Event orientation: One of the main assumptions we make is that we're running on an event-driven system. That is, the operating system maintains an "event" or "message" queue that delivers input to the application. The application's top-level code path is a loop that reads an event/message from the queue, carries out appropriate processing to respond to the event, and loops. The OS generates events to represent user input-device actions (keystrokes, mouse movement, mouse clicks, etc) and higher-level GUI changes (window resizing and moving, redraw needed, etc).

Event models vary considerably by operating system, so the HTML TADS portable code of necessity leaves it up to the port code to read and handle events. Instead, the portable code provides handlers that you call in the course of processing events. So, you have to provide the "glue" that interacts with the OS-level event system to read and decode events, but in many cases you can invoke a portable routine to carry out the processing necessary to respond to a given event.

There are two main styles of event model:

(It's worth pointing out that Windows is a hybrid of the two models. On Windows, the application is responsible for reading events, as in the message loop model, but the application must also register callbacks with the operating system, and the OS can dispatch directly to the callbacks in the course of carrying out arbitrary API calls.)

Invalidation drawing model: We assume that drawing is driven by the OS through the event model. In particular:

On most GUI systems, the redrawing model is tightly integrated with the native event system, so HTML TADS doesn't have much choice but to leave this up to the port code. In most cases, the port code in turn simply leaves it up to the OS. If your OS doesn't have a native invalidation/redraw event model, you'll have to provide one of your own. The simplest way to do this would be to explicitly redraw the entire contents of each window every time an "input" call of some kind is performed; you'd do the drawing at the start of the call, before pausing to read input from the user. "Input" calls are times when the application will pause for user interaction, so it's a natural time to make sure everything's up to date on the display.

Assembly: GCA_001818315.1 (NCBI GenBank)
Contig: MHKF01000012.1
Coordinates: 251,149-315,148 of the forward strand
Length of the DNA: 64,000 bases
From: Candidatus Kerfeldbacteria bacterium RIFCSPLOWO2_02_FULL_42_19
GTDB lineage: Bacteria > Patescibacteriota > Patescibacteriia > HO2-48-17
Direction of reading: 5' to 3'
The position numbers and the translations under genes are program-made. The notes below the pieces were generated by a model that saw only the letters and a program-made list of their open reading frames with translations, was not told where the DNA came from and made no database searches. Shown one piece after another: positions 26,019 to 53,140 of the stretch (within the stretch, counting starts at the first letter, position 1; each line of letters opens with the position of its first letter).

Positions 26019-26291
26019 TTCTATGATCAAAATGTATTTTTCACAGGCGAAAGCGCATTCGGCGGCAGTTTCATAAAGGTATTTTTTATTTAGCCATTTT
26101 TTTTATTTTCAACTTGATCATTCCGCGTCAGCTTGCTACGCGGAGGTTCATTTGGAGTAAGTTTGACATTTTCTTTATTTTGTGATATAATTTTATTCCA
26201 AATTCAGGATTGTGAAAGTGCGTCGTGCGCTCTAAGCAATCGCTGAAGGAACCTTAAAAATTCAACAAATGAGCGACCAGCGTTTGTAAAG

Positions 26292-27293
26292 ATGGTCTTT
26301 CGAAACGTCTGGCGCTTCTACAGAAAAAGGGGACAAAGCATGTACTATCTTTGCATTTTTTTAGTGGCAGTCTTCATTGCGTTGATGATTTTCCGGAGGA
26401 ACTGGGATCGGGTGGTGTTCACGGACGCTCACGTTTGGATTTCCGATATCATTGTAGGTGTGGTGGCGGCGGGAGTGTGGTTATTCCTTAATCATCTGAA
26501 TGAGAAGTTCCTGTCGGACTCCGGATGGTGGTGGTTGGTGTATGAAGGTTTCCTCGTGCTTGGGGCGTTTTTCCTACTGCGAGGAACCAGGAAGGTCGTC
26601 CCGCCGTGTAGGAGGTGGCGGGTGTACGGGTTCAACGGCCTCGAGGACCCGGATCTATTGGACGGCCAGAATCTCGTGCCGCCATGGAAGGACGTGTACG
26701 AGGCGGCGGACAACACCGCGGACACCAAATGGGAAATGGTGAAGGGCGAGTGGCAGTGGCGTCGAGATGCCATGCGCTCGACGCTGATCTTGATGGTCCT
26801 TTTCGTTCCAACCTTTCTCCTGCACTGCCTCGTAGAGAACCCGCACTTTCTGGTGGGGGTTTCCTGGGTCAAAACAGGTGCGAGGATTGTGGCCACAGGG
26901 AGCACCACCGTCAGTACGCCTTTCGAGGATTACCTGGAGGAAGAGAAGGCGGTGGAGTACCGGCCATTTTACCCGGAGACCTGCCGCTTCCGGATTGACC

In practical terms, you can usually implement "redraw" event handling by doing any necessary OS-level setup, then calling formatter_-<draw() from your CHtmlSysWin subclass. The formatter walks through its display list and calls back to your OS code to do the actual drawing.

Window management: HTML TADS assumes that someone will be taking care of managing the window system - things like providing a UI for the user to resize and move windows, etc. We assume that this "someone" will be doing all of the necessary invalidations as part of this window management. In almost every case, it's the OS that handles these things, but some older GUIs (early PalmOS versions, for example) are rather limited and foist this stuff off on the application, in which case you'll be responsible for handling this in your porting code. But on any modern GUI, this stuff should come for free.